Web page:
# Conservation of Energy problem

## Homework Statement

If there is a frictionless circular path with radius R cut into a block of mass M1 and a block of mass M2 slides down the path, what is the velocity of mass M2 as it leaves the block?

There is no friction between M1 and the ground.

M2=mass of falling block
M1=mass of
v(21)=velocity of M2 with respect to M1
v(1)=velocity of M1 with respect to the earth
v(2)=velocity of M2 with respect to the earth

## Homework Equations

I know that this is a conservation of momentum problem, so I used the equations. E(initial)=E(final) and P(initial)=P(final)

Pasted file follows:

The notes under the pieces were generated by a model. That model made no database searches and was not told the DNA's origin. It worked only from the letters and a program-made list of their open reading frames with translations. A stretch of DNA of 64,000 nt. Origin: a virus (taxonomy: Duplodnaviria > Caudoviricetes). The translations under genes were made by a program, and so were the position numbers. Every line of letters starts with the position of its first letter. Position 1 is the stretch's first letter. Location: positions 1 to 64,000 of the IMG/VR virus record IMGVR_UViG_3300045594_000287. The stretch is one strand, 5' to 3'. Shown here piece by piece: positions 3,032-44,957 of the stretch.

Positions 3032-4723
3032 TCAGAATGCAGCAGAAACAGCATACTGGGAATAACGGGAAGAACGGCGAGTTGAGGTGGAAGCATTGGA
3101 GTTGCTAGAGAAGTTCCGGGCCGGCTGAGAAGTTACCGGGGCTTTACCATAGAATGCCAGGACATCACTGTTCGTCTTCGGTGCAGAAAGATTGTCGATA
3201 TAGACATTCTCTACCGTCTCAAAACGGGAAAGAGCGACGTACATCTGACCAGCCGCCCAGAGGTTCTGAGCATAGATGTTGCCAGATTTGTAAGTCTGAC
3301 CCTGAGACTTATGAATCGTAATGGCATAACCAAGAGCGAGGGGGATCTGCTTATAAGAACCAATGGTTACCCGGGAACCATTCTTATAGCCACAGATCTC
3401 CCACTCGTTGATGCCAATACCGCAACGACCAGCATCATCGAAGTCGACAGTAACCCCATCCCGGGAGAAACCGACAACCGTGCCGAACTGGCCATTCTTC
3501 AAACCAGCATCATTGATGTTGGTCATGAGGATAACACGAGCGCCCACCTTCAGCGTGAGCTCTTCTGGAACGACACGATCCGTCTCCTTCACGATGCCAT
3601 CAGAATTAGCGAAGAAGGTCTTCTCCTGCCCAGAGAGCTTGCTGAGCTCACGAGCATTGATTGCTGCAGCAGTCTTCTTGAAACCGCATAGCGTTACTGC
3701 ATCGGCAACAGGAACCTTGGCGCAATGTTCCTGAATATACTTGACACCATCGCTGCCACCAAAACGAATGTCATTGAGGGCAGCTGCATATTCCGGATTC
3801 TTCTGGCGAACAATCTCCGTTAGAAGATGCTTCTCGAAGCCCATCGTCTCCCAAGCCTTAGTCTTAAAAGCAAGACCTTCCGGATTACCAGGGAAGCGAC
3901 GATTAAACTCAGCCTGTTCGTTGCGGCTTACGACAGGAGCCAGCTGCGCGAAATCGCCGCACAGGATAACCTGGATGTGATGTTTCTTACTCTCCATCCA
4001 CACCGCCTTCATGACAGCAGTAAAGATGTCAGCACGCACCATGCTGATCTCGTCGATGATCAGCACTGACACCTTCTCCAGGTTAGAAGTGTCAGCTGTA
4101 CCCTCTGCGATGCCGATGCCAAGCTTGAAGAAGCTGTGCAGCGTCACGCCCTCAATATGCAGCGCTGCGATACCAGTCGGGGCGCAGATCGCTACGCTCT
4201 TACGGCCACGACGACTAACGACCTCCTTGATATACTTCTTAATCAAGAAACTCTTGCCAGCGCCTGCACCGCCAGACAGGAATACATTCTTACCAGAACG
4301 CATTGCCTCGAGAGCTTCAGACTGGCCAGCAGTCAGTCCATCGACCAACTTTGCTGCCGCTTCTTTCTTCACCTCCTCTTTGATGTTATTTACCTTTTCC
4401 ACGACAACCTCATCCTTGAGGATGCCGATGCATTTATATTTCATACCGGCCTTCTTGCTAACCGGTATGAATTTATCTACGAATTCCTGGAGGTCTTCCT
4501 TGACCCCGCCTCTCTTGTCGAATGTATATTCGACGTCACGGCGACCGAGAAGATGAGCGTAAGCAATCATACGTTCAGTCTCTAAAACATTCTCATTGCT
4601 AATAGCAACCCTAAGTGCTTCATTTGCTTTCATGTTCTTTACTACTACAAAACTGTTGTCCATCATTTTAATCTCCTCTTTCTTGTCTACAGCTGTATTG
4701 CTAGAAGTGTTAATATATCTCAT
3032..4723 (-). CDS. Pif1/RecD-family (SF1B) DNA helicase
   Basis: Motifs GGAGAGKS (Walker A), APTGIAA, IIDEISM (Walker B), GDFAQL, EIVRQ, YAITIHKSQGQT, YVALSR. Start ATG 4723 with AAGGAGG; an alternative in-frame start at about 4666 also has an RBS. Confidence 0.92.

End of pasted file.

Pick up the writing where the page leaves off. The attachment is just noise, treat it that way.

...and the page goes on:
## The Attempt at a Solution

By using conservation of energy, I found the velocity of the mass M2 with respect to M1 as it leaves the circular path. Since it falls a distance R, I set

(M2)gR=m[v(21)]^2/2

And found v(21)=SQRT(2gR)

Since the system began with no momentum and momentum must be conserved:

0=(M2)(V2)+(M1)(V1)

What I'm trying to find is V2, I know that V2=V21+V1, so substituting V1=V2-V21 into the momentum equation...

0=(M2)(V2)+(M1)(V2-V21)=(M2)(V2)+(M1)(V2-[SQRT(2gR)])

Now the final answer I got was that V2=M1[SQRT(2gR)]/(M1+M2).

But the answer hint was that if M1=M2, that V2=SQRT(gR) which wasn't what my answer would get.